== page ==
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When the chesnuts glow in the embers,
And the kid turns on the spit;
When young and old in circle

Around the firebrands close;
When the girls are weaving baskets,
And the lads are shaping bows;


When the goodman mends his armour,
And trims his helmet's plume;
When the goodwife's shuttle merrily
Goes flashing through the loom;
With weeping and with laughter

Still is the story told,
How well Horatius kept the bridge
In the brave days of old.

(1) "Our ladye bare upp her chinne." Ballad of Childe Waters.

"Never heavier man and horse

Stemmed a midnight torrent's force;





Yet, through good heart and our Lady's grace,
At length be gained the landing place."

Lay of the Last Minstrel, I.



THE following poem is supposed to have been produced ninety years after the lay of Horatius. Some persons mentioned in the lay of Horatius make their appearance again, and some appellations and epithets used in the lay of Horatius have been purposely repeated: for, in an age of ballad-poetry, it scarcely ever fails to happen, that certain phrases come to be appropriated to certain men and things, and are regularly applied to those men and things by every minstrel. Thus we find, both in the Homeric poems and in Hesiod, βίη Ηρακληείη, περικλύτος ̓Αμφιγυήεις, διάκτορος ̓Αργειφόντης, ἑπτάπυλος Θήβη, ̔Ελένης ἕνεκ’

xóμoco. Thus, too, in our own national songs, Douglas is almost always the doughty Douglas: England is merry England: all the gold is red; and all the ladies are gay.

The principal distinction between the lay of Horatius and the lay of the Lake Regillus is, that the former is meant to be purely Roman, while the latter, though national in its general spirit, has a slight tincture of Greek learning and of Greek superstition. The story of the Tarquins, as it has come down to us, appears to have been compiled from the works of several popular poets; and one, at least, of those poets appears to have visited the Greek colonies in Italy, if not Greece itself, and to have had some acquaintance with the works of Homer and Herodotus.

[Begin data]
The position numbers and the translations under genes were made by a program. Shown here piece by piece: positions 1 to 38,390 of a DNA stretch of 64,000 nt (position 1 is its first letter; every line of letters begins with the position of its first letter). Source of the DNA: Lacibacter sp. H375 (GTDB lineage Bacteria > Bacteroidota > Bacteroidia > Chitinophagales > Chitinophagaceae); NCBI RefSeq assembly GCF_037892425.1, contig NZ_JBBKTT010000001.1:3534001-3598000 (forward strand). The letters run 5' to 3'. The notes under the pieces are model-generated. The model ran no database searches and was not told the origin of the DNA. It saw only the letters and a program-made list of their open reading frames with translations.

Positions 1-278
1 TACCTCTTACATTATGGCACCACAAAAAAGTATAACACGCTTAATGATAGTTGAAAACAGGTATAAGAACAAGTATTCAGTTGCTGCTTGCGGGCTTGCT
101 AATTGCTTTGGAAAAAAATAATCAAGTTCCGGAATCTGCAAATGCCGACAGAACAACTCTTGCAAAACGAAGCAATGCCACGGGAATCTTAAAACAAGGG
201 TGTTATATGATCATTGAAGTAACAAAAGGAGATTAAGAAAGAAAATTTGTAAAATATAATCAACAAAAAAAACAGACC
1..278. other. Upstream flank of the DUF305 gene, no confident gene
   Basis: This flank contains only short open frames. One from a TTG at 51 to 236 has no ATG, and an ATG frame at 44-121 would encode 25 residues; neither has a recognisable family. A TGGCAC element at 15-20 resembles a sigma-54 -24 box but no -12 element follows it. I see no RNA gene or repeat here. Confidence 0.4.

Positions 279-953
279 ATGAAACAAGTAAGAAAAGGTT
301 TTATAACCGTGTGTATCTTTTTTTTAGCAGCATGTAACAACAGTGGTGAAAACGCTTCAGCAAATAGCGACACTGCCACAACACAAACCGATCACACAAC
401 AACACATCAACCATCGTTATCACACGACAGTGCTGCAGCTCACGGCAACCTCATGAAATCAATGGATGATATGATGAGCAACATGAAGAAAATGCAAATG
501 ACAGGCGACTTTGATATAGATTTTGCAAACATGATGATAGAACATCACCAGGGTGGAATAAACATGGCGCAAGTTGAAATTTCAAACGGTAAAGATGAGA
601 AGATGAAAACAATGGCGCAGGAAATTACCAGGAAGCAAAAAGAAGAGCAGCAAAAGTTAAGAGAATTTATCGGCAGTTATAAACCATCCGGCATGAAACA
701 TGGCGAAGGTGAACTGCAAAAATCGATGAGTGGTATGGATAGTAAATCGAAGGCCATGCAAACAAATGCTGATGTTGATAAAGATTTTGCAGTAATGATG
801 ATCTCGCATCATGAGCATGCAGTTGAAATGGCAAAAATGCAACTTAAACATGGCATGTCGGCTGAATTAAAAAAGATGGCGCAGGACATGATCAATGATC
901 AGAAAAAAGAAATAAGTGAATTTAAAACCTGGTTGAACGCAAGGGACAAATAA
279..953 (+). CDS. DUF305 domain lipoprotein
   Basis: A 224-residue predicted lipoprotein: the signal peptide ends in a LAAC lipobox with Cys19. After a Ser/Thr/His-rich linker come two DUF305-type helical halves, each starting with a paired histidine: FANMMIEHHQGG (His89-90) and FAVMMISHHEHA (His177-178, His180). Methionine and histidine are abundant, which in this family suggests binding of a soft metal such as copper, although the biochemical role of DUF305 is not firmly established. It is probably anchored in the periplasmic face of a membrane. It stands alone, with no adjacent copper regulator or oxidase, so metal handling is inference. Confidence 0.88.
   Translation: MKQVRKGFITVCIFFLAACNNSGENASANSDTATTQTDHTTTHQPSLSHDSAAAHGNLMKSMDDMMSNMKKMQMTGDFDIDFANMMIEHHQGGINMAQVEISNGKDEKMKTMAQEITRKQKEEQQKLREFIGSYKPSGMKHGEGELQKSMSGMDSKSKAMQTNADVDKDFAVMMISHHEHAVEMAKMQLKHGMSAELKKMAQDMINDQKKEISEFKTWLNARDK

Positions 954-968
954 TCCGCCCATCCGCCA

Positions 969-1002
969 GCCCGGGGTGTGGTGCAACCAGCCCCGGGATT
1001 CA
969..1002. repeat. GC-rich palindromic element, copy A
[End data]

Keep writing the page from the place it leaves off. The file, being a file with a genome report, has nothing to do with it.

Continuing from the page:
Many of the most striking adventures of the house of Tarquin, till Lucretia makes her appearance, have a Greek character. The Tarquins themselves are represented as Corinthian nobles of the great house of the Bacchiadæ, driven from their country by the tyranny of that Cypselus, the tale of whose strange escape Herodotus has related with incomparable simplicity and liveliness.* Livy and Dionysius tell us that, when Tarquin the Proud was asked what was the best mode of governing a conquered city, he replied only by beating down with his staff all the tallest poppies in his garden.† This is exactly what Herodotus, in the passage to which reference has already been made, relates of the counsel given to Periander, the son of Cypselus. The stratagem by which the town of Gabii is brought under the power of the Tarquins is, again, obviously copied from Herodotus. The embassy of the young Tarquins to the oracle at Delphi is just such a story as would be told by a poet whose head was full of the Greek mythology; and the ambiguous answer returned by Apollo is in the exact style of the prophecies which, according to Herodotus, lured Croesus to destruction. Then the character of the narrative changes. From the first mention of Lucretia to the retreat of Porsena nothing seems to be borrowed from foreign sources. The villany of Sextus, the suicide of his victim, the revolution, the death of the sons of Brutus, the defence of the bridge, Mucius burning his hand,§ Clelia swimming through Tiber, seem to be all strictly Roman. But when we have done with the Tuscan war,

* Herodotus, v. 92. Livy, i. 34. Dionysius, iii. 46.

+ Livy, i. 54. Dionysius, iv. 56.

Herodotus, iii. 154. Livy, i. 53.